A massive explosion that flattened an entire forest in northern Russia over an area of 800 square miles more than a century ago was almost certainly caused by the Earth colliding with a comet, according to a study by rocket scientists in the United States.
The explosion in 1908 occurred in the sky at a remote location in Siberia near the Tunguska river. It is estimated to have been equivalent to a 20-megaton nuclear bomb, which would have decimated everything within the M25 had it occurred over London rather than a largely uninhabited region.
Tunguska has long been the subject of intense speculation, with suggested causes ranging from the release of a gigantic cloud of explosive methane gas from underground, to a collision with anti-matter particles from deep space, or even the crash of a visiting extra-terrestrial spacecraft.
One of the most likely explanations, however, had been that the Earth was hit by a piece of space rock – but a number of scientific expeditions to the area failed to find the impact crater, suggesting that if such a meteoroid had struck the Earth in 1908 it must have exploded high enough in the atmosphere to have disintegrated before reaching the ground.
Now a team of researchers studying the plumes of water vapour created by the rocket engines of the Space Shuttle believe they have found the crucial evidence in favour of another theory: a collision with the icy heart of a comet.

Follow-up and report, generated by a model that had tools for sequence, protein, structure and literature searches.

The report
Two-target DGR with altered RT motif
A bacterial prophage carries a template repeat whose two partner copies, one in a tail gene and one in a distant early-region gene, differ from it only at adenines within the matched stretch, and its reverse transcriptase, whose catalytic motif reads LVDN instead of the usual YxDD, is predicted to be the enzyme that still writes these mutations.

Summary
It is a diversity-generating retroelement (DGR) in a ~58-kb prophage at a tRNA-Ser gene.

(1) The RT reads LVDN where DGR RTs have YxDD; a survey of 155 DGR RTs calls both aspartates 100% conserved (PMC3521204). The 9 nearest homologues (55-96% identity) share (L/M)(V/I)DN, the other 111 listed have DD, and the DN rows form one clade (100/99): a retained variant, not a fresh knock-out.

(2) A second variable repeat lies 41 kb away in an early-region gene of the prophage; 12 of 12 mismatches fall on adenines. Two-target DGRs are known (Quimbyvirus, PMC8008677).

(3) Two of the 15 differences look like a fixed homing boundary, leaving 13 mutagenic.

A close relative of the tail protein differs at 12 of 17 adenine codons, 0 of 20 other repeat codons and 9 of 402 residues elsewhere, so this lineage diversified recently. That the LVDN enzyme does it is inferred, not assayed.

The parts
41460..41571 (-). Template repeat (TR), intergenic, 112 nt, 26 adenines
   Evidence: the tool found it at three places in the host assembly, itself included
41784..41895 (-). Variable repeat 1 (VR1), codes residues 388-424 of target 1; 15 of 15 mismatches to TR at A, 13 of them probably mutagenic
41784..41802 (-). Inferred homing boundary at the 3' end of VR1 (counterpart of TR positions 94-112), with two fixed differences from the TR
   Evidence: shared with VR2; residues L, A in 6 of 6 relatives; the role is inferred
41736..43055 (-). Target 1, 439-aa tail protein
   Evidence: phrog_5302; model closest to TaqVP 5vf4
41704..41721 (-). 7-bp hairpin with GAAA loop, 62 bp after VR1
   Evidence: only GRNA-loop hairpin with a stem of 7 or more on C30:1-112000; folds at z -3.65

This would have released huge volumes of water vapour at very high altitude, creating highly reflective clouds that may explain why the sky was lit up for days after the collision, with people as far away as London saying that they could read newspapers outdoors at midnight, the scientists said.
"It's almost like putting together a 100-year-old murder mystery," said Michael Kelley professor of engineering at Cornell University in New York. "The evidence is pretty strong that the Earth was hit by a comet in 1908."
The dramatic illumination of the night sky in the day after the event on 30 June 1908 was probably caused by the formation of "noctilucent" clouds – named because they are visible at night – which are made up of ice particles formed at very high altitude and low temperatures, Professor Kelley said.
A study of exhaust plumes from the Space Shuttle have shown how noctilucent clouds can form a day after a shuttle launch and many miles from its flight path due to high-speed winds generated at this altitude, the scientists found. The exhaust plume is a model of how a comet would have created similar noctilucent clouds, they said.
The appearance of skies bright enough to read newspapers at night as far away as London – some 3,000 miles away from Tunguska – could be explained by the transport of huge volumes of water vapour arising from the comet by the high winds of the upper atmosphere where these clouds form, Professor Kelley said.